A residential concept for retail space may not seem like a new idea today as mega-brands settle into domiciles worldwide. But when AD100 inductee Rayman Boozer first opened his beloved Manhattan boutique, Apartment 48, in 1994, his approach was groundbreaking. Tucked on the garden level of a town house at 48 West 17th Street, the shop unfolded in a warren of rooms, with every corner (kitchen, bath, bed) outfitted as if inhabited. For Boozer, who had studied interior design at Indiana University before moving to New York to work for the likes of Saks Fifth Avenue and Bloomingdale’s, Apartment 48 was more than a chance to push products. It was a chance to push his point of view. “I was trying to find a way to express all my ideas at once,” he reflects. “My biggest desire was to be understood.”
Among those who immediately got the concept, as well as the man, was Maureen Sullivan, then just a 20-something living with roommates. “Apartment 48 was so ahead of its time,” says Sullivan, a consumer-tech executive. “There was nothing precious or intimidating; it just felt warm and inviting and full of inspiration.” Her regular visits to the store gave way to a lasting friendship after she tapped Boozer to decorate her and her husband’s one-bedroom. Over the years, their lives have evolved in step—Sullivan having three children, Boozer pivoting to interior design full-time and closing up shop. Along the way, he has done five homes for her and her family.
The latest was a pandemic project, brought on by the sudden sale of the Long Island retreat that Boozer had previously designed. “We got an offer we couldn’t refuse,” Sullivan explains. “Suddenly we were in the bizarre position of wanting a new home very, very quickly.” Friends directed her to a Shingle Style house on the market in Southampton. “What were the chances it would be perfect?” she recalls of the five-bedroom home, whose traditional layout and decorative details sealed the deal. “My next call was to Rayman.”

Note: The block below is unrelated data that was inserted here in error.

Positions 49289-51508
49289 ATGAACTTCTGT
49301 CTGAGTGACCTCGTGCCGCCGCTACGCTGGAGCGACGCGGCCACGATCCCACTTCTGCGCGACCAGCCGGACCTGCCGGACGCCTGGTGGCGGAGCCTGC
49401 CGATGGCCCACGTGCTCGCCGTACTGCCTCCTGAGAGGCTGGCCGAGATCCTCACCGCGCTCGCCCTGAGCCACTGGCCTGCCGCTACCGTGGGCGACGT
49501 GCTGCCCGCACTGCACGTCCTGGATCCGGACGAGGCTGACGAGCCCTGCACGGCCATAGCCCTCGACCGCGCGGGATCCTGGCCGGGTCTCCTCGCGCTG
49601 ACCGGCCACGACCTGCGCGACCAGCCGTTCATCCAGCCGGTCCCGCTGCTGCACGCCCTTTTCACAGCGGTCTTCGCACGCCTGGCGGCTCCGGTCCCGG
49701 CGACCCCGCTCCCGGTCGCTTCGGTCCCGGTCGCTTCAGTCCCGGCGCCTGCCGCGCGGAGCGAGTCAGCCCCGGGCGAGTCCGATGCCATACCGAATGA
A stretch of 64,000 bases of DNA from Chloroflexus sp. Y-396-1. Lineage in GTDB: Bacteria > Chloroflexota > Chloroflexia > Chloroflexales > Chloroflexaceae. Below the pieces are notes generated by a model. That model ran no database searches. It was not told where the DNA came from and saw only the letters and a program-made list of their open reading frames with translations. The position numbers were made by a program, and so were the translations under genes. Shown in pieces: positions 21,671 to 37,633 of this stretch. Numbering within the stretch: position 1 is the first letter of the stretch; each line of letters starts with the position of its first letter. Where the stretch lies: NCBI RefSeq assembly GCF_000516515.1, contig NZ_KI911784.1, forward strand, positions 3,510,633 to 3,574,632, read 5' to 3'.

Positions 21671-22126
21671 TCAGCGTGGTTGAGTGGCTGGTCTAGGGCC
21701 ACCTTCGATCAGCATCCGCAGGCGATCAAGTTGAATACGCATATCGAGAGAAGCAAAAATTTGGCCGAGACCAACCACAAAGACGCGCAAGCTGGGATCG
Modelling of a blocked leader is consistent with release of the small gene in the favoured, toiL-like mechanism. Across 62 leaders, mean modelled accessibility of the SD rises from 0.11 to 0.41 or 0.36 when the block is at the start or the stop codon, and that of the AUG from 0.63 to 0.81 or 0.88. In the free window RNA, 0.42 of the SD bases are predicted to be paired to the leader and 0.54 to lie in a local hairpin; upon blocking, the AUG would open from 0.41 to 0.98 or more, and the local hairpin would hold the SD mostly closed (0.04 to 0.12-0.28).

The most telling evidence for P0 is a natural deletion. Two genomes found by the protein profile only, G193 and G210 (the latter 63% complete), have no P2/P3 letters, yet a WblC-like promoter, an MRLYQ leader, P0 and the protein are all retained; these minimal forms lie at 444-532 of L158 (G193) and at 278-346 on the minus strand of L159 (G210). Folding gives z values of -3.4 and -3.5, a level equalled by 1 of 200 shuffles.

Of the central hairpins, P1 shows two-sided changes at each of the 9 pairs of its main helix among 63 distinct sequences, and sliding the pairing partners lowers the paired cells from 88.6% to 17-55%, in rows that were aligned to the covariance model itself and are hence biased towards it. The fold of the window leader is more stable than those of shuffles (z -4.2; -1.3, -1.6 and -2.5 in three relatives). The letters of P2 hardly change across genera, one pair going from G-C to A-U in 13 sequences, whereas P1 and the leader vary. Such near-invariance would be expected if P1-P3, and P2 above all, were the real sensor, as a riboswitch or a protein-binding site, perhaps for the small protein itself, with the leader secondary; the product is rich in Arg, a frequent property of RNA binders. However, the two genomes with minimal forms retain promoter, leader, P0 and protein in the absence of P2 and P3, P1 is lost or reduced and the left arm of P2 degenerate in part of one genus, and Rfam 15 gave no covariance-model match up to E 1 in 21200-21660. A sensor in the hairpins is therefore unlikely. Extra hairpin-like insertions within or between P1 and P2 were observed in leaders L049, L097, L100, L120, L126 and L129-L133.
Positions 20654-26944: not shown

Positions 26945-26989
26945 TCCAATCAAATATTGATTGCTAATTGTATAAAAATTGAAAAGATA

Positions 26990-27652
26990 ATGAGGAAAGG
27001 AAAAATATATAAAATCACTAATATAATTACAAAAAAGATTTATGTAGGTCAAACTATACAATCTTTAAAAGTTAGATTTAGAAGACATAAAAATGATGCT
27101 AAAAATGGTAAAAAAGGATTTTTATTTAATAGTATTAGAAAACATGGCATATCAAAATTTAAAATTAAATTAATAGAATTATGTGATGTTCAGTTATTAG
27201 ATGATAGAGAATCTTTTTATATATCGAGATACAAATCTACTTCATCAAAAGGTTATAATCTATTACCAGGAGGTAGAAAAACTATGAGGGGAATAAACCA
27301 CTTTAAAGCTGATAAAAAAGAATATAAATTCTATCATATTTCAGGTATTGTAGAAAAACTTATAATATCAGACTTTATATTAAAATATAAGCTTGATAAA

Color, a shared passion, has always been the starting point for their collaborations. “People who don’t get color don’t get me,” notes Boozer, famous for his use of bold hues. Though Sullivan self-identifies as a “blue-and-white person,” Boozer made it his mission to incorporate green into the palette. (“She likes things to match; I like things to clash.”) Sylvan tones now creep into the mix like vines, appearing in pillows, artworks, and wallpapers. “Rayman always pushes me just outside my comfort zone,” says Sullivan. “He knows how to make it that much more playful and more interesting.” From the exuberant pink medley in the daughters’ room to the navy scheme in the son’s, the charter became bolder, brighter, more fun!
“It’s an upbeat house for upbeat people,” says Boozer. “I like to do projects that are happy. That’s what I am always striving for, to put positive vibes out into the world.” For Sullivan, who moved in in July 2020 after just four weeks of Zoom decorating meetings, those vibes have been powerful medicine. Her family rode out the pandemic in the Hamptons, with remote school at the dining room table and alfresco gatherings by the pool. “Rayman has been with us through all our phases as a family,” says Sullivan, noting that Boozer put the same love and attention into that first one-bedroom as he did this home. “He will forever be my go-to.” —Sam Cochran